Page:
Conversations – Watch and Listen. Certainly, you can, and should, combine observation and engagement. Ask someone to show you how they complete a task. Have them physically go through the steps, and talk you through why they are doing what they do. Ask them to vocalize what’s going through their mind as they perform a task or interact with an object.
“Framing the right problem is the only way to create the right solution.”
The Define mode is critical to the design process because it results in your point-of-view (POV): the explicit expression of the problem you are striving to address. More importantly, your POV defines the RIGHT challenge to address, based on your new understanding of people and the problem space.
Consider what stood out to you when talking and observing people. What patterns emerge when you look at the set? If you noticed something interesting ask yourself (and your team) why that might be. In asking why someone had a certain behavior or feeling you are making connections from that person to the larger context.
Ideate is the mode of the design process in which you concentrate on idea generation. Ideation provides both the fuel and also the source material for building prototypes and getting innovative solutions into the hands of your users.
Another ideation technique is building – that is, prototyping itself can be an ideation technique. In physically making something you come to points where decisions need to be made; this encourages new ideas to come forward.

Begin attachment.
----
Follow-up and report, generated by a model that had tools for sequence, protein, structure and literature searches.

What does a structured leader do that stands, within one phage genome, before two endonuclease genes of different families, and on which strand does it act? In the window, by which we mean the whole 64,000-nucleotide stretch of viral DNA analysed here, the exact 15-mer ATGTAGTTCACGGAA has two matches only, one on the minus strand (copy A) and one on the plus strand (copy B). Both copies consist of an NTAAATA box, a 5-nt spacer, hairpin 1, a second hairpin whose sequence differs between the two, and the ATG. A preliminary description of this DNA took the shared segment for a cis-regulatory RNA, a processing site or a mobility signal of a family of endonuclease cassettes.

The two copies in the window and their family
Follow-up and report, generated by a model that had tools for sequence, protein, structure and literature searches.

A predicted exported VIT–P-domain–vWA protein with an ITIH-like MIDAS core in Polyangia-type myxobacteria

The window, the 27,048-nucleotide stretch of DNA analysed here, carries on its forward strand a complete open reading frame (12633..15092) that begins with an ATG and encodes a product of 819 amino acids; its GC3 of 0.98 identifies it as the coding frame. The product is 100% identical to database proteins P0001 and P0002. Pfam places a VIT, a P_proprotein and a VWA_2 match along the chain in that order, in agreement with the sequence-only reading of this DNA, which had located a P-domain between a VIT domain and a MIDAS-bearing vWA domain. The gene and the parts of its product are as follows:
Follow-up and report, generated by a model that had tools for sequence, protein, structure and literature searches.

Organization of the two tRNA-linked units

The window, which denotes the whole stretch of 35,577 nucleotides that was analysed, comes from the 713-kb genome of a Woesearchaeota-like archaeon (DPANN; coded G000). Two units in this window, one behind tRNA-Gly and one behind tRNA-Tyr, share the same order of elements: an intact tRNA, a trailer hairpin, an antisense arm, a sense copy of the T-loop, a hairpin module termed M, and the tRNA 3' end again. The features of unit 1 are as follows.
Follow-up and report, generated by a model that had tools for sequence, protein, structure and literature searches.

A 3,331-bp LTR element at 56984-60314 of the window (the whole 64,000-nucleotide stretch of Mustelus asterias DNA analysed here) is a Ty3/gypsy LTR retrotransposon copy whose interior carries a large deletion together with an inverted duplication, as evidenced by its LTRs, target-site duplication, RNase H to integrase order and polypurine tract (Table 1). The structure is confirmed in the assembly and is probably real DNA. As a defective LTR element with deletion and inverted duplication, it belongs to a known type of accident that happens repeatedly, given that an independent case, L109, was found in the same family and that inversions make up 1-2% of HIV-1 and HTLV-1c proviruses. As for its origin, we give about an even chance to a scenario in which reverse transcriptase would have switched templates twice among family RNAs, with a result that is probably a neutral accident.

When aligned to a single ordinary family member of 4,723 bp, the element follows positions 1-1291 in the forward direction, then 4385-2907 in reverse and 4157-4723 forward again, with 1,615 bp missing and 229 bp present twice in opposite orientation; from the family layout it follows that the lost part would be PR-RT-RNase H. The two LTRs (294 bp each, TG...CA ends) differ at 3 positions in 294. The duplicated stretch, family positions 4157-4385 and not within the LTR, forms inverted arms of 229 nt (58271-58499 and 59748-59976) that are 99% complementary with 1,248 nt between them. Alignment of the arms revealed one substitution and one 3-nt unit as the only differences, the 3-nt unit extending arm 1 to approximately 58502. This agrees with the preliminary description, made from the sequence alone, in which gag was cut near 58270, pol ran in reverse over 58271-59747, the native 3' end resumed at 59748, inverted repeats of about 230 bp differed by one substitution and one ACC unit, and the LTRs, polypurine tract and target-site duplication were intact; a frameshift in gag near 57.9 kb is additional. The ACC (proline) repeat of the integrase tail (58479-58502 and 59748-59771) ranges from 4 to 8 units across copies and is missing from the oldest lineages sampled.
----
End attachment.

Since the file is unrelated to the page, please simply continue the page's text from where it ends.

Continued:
The Prototype mode is the iterative generation of artifacts intended to answer questions that get you closer to your final solution. early stages, you should create low-resolution prototypes that are quick and cheap to make, In later stages both your prototype and question may get a little more refined.
A prototype can be anything that a user can interact with, walking someone through a scenario with a storyboard is good, this will likely bring out more emotions and responses.
The Test mode is when you solicit feedback, about the prototypes you have created, from your users and have another opportunity to gain empathy for the people you are designing for. Testing is another opportunity to understand your user, but unlike your initial empathy mode, you have now likely done more framing of the problem and created prototypes to test. Both these things tend to focus the interaction with users, but don’t reduce your “testing” work to asking whether or not people like your solution. Instead, continue to ask “Why?”, and focus on what you can learn about the person and the problem as well as your potential solutions.
Create your prototypes and test them in a way that feels like an experience that your user is reacting to, rather than an explanation that your user is evaluating.
And to end this an important point to note is that:
- An agile approach would be more valuable in this design method
- Always aim for MVPs — Minimum Viable Products/Prototypes that offer enough tangibility to find out whether they solve the initial problem or answer the initial question.
Some content are Courtesy: Stanford
Learn more about Design Thinking. Check out the recording of our free webinar on the same!